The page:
Government lauded for reviewing mining regulations

Officials of the Minerals/Mining Commission have hailed government for reviewing the regulations of the minerals and mining act as it would go a long way to eliminate illegal activities in the sector.

The officials, Mr Evans Adadey, Principal Inspector of Mines and Mr Desmond Boahen, Inspector or Mines, noted that nuisances that hinder the growth of the industry like mining in the river bodies and foreigners actively engaging in the business should stop under the new regulation passed in June this year.

The officials expressed these sentiments at a day’s workshop organized by the Takoradi office of the Commission for mineral and mining industrial operators in the Western Region at Takoradi.

The workshop aimed at sensitizing the operators on the new regulations of Act 703 of 2012 in order for them to comply with its contents.

Speaking on “health, safety and explosive regulation”, Mr Adadey noted that the old regulation of Act 703 of 2006 had serious challenges which did not address pertinent issues concerning their operations.

The two officials said under the new regulations while surface mining and dredging are permitted, offences attracting severe punishment include mining in or close to river bodies, foreigners actively participating in the business.

According to them, the new regulation if strictly adhered to, would allow mining operation in the country to conform to international practices.

To ensure that the new regulations work perfectly, Mr Adadey called for extra vigilance from all stakeholders like the traditional authorities, operators, metropolitan, municipal and district assemblies to expose those who operate illegally.

The Principal Inspector noted that these stakeholders live in the communities therefore should be able to know which areas that illegal mining take place to the appropriate quarters for action to be taken on them.

Failure to expose illegal mining activities and unsafe mining practices, that degraded or polluted the environment amounts to connivance to offence and must not be tolerated he added.

He called for proper disposal of remnants of mining activities by creating embankments for dumping in order not to harm the health of the surrounding community of their operation areas.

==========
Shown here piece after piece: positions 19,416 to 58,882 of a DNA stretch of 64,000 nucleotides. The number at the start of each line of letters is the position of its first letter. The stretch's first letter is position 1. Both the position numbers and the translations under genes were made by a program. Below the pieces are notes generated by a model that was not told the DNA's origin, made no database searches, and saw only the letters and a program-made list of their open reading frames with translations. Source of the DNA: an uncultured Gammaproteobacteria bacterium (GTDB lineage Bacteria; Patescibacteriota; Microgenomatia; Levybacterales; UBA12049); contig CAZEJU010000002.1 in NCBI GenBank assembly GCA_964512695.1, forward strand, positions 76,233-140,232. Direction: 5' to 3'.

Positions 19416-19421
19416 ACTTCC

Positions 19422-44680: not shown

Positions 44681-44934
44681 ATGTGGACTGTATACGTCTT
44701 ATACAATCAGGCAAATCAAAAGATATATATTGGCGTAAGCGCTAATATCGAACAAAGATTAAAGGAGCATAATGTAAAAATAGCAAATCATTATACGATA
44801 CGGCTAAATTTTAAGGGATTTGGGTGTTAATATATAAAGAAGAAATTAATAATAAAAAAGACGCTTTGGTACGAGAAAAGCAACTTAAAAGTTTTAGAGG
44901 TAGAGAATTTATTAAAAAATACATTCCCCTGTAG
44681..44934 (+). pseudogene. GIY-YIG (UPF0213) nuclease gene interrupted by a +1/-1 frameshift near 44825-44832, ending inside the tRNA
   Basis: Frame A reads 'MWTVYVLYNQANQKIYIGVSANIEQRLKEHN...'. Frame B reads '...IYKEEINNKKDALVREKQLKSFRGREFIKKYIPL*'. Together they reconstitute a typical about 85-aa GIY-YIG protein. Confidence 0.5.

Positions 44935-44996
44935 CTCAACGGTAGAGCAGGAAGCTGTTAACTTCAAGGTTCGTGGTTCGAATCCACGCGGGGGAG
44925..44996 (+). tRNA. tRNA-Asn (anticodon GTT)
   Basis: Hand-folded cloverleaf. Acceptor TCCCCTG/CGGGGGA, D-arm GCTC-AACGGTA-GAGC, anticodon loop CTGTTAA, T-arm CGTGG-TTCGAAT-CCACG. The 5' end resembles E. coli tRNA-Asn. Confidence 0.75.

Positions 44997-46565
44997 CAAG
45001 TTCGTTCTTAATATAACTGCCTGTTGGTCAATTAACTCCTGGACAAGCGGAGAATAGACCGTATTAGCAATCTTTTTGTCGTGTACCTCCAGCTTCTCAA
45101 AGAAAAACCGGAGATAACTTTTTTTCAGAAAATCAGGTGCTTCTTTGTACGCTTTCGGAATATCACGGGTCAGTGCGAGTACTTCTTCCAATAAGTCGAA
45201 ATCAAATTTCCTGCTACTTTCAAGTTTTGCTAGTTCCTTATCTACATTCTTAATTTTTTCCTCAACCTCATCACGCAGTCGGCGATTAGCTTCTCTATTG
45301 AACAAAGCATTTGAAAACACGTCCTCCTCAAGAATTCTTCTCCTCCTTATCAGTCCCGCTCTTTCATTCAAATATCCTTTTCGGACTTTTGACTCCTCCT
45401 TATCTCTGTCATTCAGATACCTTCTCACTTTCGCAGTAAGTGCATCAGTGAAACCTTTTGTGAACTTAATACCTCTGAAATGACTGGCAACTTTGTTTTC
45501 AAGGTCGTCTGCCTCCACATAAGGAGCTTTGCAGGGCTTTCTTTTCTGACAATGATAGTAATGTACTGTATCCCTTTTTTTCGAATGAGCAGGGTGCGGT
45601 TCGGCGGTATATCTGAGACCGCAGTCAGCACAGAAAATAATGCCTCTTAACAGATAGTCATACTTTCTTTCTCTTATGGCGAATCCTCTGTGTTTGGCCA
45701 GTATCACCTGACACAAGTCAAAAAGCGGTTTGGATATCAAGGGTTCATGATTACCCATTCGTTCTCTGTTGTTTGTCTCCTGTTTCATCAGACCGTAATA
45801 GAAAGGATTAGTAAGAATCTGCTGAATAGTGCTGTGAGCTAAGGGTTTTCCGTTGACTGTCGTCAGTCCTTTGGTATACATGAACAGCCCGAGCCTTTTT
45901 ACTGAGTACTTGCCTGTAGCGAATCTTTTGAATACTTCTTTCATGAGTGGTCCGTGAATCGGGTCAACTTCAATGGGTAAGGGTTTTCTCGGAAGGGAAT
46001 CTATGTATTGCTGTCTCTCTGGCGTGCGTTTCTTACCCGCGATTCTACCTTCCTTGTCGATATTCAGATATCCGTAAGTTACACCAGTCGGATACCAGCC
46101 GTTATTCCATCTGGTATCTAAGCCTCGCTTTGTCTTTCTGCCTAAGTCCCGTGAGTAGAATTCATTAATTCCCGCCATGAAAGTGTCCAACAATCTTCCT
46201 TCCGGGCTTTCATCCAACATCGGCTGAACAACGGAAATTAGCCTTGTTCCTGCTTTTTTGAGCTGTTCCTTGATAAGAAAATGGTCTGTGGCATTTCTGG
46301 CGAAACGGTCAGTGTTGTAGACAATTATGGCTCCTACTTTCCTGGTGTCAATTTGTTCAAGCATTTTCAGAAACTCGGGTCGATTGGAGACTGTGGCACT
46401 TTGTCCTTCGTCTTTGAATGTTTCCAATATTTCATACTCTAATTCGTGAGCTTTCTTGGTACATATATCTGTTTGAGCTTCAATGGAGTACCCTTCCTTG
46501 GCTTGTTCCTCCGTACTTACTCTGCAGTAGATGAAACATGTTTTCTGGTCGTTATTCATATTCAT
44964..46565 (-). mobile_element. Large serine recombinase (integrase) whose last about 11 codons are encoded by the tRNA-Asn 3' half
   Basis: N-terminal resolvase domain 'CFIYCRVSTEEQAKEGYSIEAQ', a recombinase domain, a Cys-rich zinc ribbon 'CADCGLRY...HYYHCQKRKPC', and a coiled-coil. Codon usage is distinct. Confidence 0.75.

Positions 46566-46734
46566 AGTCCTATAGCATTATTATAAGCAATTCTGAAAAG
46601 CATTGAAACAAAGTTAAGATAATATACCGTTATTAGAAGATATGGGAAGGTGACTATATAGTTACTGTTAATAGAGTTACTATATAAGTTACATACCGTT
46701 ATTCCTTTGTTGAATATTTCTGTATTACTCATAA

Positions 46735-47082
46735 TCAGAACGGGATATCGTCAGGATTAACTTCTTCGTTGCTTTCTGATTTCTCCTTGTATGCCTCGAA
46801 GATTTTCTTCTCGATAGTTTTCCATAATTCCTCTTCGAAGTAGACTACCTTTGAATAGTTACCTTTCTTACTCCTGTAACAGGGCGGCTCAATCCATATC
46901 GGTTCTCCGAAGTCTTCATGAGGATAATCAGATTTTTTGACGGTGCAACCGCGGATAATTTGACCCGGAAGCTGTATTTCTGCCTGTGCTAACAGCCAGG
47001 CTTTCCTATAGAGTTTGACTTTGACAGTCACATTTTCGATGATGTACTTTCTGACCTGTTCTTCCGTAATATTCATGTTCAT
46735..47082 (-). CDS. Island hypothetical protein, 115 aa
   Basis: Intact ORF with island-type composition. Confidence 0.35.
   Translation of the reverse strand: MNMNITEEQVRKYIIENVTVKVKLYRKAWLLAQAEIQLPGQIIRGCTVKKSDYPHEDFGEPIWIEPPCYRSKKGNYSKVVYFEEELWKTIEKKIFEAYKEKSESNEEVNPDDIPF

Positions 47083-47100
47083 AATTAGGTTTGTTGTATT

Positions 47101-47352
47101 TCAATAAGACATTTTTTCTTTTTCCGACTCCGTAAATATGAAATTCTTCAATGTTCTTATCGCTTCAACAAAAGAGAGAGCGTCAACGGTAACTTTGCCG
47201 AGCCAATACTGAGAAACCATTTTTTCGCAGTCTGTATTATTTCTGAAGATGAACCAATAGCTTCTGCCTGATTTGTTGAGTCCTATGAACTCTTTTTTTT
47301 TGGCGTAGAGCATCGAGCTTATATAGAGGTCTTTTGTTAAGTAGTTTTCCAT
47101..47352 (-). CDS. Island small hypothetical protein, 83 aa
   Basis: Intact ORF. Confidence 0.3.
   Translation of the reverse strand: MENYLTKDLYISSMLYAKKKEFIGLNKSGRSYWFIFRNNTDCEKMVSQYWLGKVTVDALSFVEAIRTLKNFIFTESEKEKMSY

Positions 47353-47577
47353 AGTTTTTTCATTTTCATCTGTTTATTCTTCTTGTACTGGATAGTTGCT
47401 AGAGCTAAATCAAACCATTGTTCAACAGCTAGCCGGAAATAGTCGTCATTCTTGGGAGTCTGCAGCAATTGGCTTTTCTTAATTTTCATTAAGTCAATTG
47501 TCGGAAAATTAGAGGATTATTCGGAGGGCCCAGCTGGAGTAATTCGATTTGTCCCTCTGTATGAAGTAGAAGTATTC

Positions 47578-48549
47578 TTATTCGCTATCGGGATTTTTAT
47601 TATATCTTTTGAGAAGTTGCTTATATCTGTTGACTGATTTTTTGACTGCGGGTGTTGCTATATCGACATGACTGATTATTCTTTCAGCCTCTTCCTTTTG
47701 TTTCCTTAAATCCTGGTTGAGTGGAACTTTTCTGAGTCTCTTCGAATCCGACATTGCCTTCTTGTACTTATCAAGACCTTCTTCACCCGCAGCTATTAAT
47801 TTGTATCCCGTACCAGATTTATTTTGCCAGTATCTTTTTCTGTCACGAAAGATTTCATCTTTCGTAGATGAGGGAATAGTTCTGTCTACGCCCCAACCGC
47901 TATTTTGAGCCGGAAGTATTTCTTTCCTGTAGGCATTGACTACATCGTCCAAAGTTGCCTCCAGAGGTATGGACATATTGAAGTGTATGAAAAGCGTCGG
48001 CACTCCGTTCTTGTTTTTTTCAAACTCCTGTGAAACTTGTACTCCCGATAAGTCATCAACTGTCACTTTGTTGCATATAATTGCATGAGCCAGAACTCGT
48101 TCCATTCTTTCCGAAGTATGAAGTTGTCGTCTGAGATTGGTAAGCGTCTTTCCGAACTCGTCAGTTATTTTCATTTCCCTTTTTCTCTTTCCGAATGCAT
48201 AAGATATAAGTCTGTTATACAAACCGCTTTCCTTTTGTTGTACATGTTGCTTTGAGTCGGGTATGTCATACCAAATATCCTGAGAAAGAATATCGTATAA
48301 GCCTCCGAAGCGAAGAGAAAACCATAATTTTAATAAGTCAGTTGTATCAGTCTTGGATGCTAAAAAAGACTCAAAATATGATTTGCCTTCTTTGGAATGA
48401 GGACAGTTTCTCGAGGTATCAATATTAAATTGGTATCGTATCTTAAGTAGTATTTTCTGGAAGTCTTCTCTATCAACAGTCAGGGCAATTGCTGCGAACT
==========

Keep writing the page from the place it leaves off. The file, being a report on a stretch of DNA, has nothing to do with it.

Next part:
To prevent encroachment on their concessions, Mr Adadey urged the metropolitan, municipal and district assemblies to factor into their planning buffer zones for small scale mining operators who comprise those into sand winning, quarries, and kaolin, salt among others.

Mr Boahen spoke on “mineral property and rights” and entreated operators and stakeholders to study the new regulation and conform to the contents so that they are not caught up with the law.

He warned against the submission of false documents to the Mineral/ Mining Commission as culprits would be made to face the law.

During discussion period, the mineral/mining operators noted that vital business like small scale mining was reserved for Ghanaians only and therefore appealed to the government to rid it of all foreigners.

They alleged that Ghanaians front for the Chinese to secure documentation for their business and later hand over to them for operation which is against the laws of the nation.

To that effect, the operators appealed to all the authorities involved in the issuance of documents for mining operation in the country to scrutinize particulars and embark of active investigations before processing the documents.

The operators further appealed to the metropolitan, municipal and district assemblies to charge uniform fees concerning their operation in the areas complaining of differences in the charging of fee.

They also stressed the need for the decentralization of processing of documents as this could be done in the various regional offices to time, save cost and risk.

Source: GNA

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